It is a well known, but rarely admitted fact amongst Islamic bankers and experts that Islamic Finance is not really innovative. Innovation is defined by most dictionaries as something new, a new method or practice or the act or process of inventing or introducing something new. In economic terms it is defined as something that increases value, customer value or producer value. What innovation there is in Islamic Finance was developed 1400 years back and that was the core fundamentals of Islamic commercial law. Hence, the 'innovative' value we perceive in Islamic finance exists only as a result of the fundamental governance and compliance constraints imposed on individuals and institutions, including rules prohibiting usury, gambling and ambiguity. These rules articulate very important sub-rules which form the basis of a solid contractual governance framework, including rules permitting only a first degree of separation from assets, not selling what you do not own and not trading in debt etc. Hence, this perception that there can be innovative Islamic finance products needs to be critically dissected.

By far, the majority of 'innovations' in Islamic finance have been directed towards building what the rest of the world has already developed within the boundaries of Islamic law. Whether it be structured products, derivatives or sukuk, more efficient forms have existed at least 10 years before we came to the market with an innovative “copycat” version twisted around Islamic nominate contracts producing exactly the same outcome. As a result, Islamic Finance is not really an innovative field where value is added through creative inputs to make life better for individuals. The fact that every one nowadays markets themselves as innovative is really shying from the truth. Off the top of my head, I can name two Islamic financial Institutions that utilise derivations of the word innovation in their brand name, with many more who flagrantly abuse the terms at each and every opportunity. While I personally have no issues with presenting new Islamic products to the market that attempt to replicate conventional products, (which may be crucial to the growth of Islamic finance), I have an issue with individuals and organizations trying to pass them off as “innovative”.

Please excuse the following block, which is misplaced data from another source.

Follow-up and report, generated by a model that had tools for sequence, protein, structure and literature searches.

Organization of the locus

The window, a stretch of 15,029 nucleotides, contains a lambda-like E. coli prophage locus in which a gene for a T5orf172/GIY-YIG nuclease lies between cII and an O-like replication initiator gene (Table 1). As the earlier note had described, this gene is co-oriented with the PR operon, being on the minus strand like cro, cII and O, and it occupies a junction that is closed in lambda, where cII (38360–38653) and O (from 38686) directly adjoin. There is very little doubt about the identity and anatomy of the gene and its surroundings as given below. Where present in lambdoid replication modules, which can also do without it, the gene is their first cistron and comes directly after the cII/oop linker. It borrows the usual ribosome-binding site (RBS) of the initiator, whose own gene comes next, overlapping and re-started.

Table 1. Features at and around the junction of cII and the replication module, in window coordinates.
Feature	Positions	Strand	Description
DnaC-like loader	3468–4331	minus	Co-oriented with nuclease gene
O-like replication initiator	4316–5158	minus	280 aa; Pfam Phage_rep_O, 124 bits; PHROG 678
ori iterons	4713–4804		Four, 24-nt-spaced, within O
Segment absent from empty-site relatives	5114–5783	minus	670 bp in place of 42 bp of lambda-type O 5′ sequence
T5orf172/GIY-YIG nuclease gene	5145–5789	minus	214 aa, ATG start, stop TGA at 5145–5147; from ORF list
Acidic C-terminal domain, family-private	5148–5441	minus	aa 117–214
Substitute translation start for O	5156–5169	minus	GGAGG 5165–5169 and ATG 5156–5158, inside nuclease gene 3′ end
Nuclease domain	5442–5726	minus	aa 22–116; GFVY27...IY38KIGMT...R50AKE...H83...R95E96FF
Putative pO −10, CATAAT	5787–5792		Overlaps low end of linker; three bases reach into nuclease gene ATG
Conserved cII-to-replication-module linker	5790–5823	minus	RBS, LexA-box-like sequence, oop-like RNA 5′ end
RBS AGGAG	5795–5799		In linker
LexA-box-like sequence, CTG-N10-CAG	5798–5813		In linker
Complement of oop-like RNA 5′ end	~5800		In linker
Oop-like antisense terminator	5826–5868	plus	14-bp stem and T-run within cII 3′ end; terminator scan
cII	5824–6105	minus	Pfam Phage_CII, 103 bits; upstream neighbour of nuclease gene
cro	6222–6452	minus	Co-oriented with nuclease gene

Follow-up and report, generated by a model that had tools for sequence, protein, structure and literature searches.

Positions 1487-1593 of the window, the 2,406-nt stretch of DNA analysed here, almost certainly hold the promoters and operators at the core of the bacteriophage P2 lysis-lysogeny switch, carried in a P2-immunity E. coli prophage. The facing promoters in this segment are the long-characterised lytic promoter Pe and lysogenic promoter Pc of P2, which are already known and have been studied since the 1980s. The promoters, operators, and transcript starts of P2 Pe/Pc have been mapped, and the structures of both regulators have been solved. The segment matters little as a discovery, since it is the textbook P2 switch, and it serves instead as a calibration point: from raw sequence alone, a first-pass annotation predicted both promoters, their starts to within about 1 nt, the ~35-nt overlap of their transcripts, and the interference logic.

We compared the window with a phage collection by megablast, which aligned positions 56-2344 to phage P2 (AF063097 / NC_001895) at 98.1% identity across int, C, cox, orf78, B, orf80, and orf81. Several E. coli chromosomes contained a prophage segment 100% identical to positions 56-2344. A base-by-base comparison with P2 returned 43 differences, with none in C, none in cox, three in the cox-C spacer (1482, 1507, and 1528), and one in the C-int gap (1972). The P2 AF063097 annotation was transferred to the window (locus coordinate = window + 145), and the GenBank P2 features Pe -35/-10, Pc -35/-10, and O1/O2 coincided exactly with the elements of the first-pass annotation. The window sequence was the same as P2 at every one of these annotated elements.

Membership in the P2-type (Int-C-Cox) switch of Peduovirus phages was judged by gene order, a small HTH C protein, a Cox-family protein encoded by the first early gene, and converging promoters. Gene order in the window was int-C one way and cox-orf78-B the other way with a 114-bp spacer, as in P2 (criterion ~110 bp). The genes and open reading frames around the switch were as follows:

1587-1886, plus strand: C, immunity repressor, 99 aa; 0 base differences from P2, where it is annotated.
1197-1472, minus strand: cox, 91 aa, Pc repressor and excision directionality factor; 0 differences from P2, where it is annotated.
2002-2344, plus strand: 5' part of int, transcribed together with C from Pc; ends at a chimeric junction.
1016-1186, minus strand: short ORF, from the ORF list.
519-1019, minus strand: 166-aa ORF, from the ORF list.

If we are to claim we are innovative, we must start reflecting on where we can really add value and this requires us to look at what our forefathers have handed down to us as a divine message and work around that to see how that message might add value to our lives. We certainly have not added value in terms of financial innovation, nor have we come with a new asset class.

Going back to the original innovation that is Islamic Finance, our value was added as a result of our unique contractual governance and ethics requirements. The requirements to avoid usury, misrepresentations, ambiguity, zero-sum games all emanate from a broader set of principles that is conceived in Islam as a way of life to be practiced by all human beings. These include conceptions of vicegerency, commending good and forbidding wrongs and developing a spirit of brotherhood and trust. What this means for the innovation agenda in Islamic finance is a fundamental paradigm shift. Innovation in Islamic finance should be directed towards finding solutions to contemporary challenges while wearing the 'Islamic' hat and assessing how the Islamic perspective could add value. More so than everything else, it is the conception of social responsibility that is inherent in a Muslim's responsibility to his creator that can really add value to the financial system. Our research at Dar Al Istithmar and Oxford Islamic Finance is geared towards this agenda. While we acknowledge that our research may not derive immediate benefits, we are firmly of the opinion that the long term value for us and the Islamic industry can only be derived from an Islamic perspective of innovation, rather than innovation driven by the need to mimic mainstream products.

Sayd Farook is Senior Consultant (Structuring and Legal) with Dar Al-Istithmar, based in London. The opinions expressed herein are those of Sayd, and are not reflective of the views or policies of Dar Al-Istithmar.